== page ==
Global agencies investing in development projects in Asia and Africa are keen to know if their investments are going to withstand climate changes such as melting snowcaps and rising sea levels.
“Agencies investing in the developing world want to check if their investments are climate-change proof and readjust the project if found otherwise,” said Dr Jurgen Kropp, senior scientist at the Potsdam Institute of Climate Change and Impact Research in Potsdam, Germany.
Global agencies such as the World Bank, United Nations, Asian Development Bank, United Kingdom’s Department for International Development and Canada-based International Development Research Centre are keen to know if their investments are secure.
“We are developing a software through which any agency in the world can check if their investment would be climate-change proof,” said Kropp. I was in India in March and an official from National Bank for Agriculture and Rural Development (NABARD) was keen to know if their loans to farmers were climate proof, said Kropp.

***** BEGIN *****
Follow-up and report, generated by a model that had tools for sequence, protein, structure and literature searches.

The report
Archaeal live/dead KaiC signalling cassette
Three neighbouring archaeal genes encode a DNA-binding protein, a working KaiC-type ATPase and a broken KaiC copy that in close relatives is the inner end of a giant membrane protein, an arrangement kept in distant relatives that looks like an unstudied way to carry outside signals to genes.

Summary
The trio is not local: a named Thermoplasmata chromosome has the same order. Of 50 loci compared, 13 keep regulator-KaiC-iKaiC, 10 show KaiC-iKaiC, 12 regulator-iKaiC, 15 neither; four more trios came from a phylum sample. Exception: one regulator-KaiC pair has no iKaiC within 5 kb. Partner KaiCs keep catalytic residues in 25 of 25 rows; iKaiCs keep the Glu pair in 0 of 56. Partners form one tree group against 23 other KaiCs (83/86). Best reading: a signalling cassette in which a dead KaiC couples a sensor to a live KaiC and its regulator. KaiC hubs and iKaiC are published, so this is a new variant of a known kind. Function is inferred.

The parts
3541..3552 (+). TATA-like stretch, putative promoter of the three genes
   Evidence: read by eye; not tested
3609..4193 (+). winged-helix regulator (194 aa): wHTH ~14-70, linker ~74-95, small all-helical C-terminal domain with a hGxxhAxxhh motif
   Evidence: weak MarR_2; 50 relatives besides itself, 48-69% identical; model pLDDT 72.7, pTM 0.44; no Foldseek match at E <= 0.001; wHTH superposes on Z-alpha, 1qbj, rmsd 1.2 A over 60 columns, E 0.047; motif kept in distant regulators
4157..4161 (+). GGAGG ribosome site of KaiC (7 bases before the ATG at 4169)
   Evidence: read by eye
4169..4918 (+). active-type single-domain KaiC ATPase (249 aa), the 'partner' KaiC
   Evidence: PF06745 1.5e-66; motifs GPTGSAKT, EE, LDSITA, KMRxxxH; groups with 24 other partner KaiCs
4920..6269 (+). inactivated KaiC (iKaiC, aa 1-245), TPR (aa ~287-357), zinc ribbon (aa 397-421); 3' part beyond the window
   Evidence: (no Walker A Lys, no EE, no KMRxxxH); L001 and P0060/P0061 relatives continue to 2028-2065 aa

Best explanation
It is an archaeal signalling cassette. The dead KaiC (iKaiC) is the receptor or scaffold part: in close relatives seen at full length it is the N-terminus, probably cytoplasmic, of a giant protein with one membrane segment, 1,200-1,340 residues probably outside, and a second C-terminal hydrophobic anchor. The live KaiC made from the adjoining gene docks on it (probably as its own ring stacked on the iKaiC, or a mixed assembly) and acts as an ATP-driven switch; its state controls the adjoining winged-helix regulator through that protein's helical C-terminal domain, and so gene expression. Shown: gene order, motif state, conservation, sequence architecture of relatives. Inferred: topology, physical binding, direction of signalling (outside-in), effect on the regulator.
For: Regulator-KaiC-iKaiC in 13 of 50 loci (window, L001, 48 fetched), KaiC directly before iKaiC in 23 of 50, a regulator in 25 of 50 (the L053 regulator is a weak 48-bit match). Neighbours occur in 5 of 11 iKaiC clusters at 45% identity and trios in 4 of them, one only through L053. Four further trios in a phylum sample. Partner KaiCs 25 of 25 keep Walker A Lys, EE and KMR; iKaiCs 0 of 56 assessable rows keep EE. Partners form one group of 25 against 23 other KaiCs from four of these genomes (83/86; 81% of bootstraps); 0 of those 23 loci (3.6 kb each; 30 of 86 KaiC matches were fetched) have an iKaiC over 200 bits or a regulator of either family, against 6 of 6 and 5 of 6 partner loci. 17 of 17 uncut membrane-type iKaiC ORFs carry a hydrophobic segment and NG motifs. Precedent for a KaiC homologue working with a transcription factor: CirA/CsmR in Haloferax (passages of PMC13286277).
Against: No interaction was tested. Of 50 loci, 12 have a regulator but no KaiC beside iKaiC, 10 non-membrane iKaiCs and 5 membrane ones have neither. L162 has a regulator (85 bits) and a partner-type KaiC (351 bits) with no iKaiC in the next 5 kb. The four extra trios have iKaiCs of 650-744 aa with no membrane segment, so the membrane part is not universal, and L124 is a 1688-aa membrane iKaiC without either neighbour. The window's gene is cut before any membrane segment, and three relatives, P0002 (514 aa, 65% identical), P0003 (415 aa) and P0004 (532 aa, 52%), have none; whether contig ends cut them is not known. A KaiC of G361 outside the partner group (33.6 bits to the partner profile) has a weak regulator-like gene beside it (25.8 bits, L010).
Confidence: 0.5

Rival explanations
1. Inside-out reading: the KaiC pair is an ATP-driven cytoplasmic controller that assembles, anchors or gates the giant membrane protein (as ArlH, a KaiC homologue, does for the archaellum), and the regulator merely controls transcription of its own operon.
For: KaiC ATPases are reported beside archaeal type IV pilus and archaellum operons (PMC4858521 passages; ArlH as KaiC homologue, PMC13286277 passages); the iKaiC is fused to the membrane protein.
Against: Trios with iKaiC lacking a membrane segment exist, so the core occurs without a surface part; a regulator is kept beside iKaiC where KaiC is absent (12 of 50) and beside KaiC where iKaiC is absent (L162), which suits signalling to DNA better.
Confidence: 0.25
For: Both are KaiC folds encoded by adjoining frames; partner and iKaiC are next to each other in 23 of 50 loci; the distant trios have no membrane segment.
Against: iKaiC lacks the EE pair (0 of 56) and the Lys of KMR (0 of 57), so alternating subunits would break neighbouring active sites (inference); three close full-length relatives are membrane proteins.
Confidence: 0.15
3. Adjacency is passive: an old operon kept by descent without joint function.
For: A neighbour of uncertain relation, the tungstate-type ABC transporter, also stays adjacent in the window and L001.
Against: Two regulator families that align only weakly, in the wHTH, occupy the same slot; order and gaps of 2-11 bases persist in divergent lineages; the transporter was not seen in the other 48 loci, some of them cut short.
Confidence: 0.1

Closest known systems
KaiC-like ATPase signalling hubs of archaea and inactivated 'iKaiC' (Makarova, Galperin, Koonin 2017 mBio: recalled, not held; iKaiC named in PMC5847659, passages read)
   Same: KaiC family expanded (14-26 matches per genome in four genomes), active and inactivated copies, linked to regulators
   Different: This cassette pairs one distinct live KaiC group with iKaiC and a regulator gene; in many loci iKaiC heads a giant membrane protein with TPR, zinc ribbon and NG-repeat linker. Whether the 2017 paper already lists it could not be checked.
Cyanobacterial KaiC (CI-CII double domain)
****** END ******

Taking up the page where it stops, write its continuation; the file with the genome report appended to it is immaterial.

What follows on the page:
Three projects, being implemented by the German Government aid agency GTZ in India, have been tested for climate vulnerability. A project for increasing tribal and rural population in Tripura, Indo German project for resource management with NABARD and the decentralisation of water management project with the Ministry of Agriculture have already been tested for climate change vulnerabilities.
“We will soon help development agencies as we are developing a software which will check if the investments are climate-change proof. Six scientists from all over the world will be working on this project,” said Kropp.
The cost of developing this software is about 4 million Euros of which 2 million have already been sanctioned by the German ministry of environment. “The software will be ready by 2010,” said Kropp.
“Anyone could log on and find out how climate change proof their investments would be and can then plan how to reduce risk,” said Kropp.
Development projects could either be altered or entirely shelved.
“The possibility that projects would not be considered if they are vulnerable is not encouraging but it is better to know the risks and plan accordingly. It will help in adapting to climate change in the long run,” said Kropp.
It will help to know the exposure to climate change, analyse the risks involved and finally help reduce risks.
The Potsdam Institute for Climate Impact Research (PIK) was founded in 1992 and now has a staff of about 180 people
PIK researchers in the natural and social sciences work together to study global change and its impacts on ecological, economic and social systems.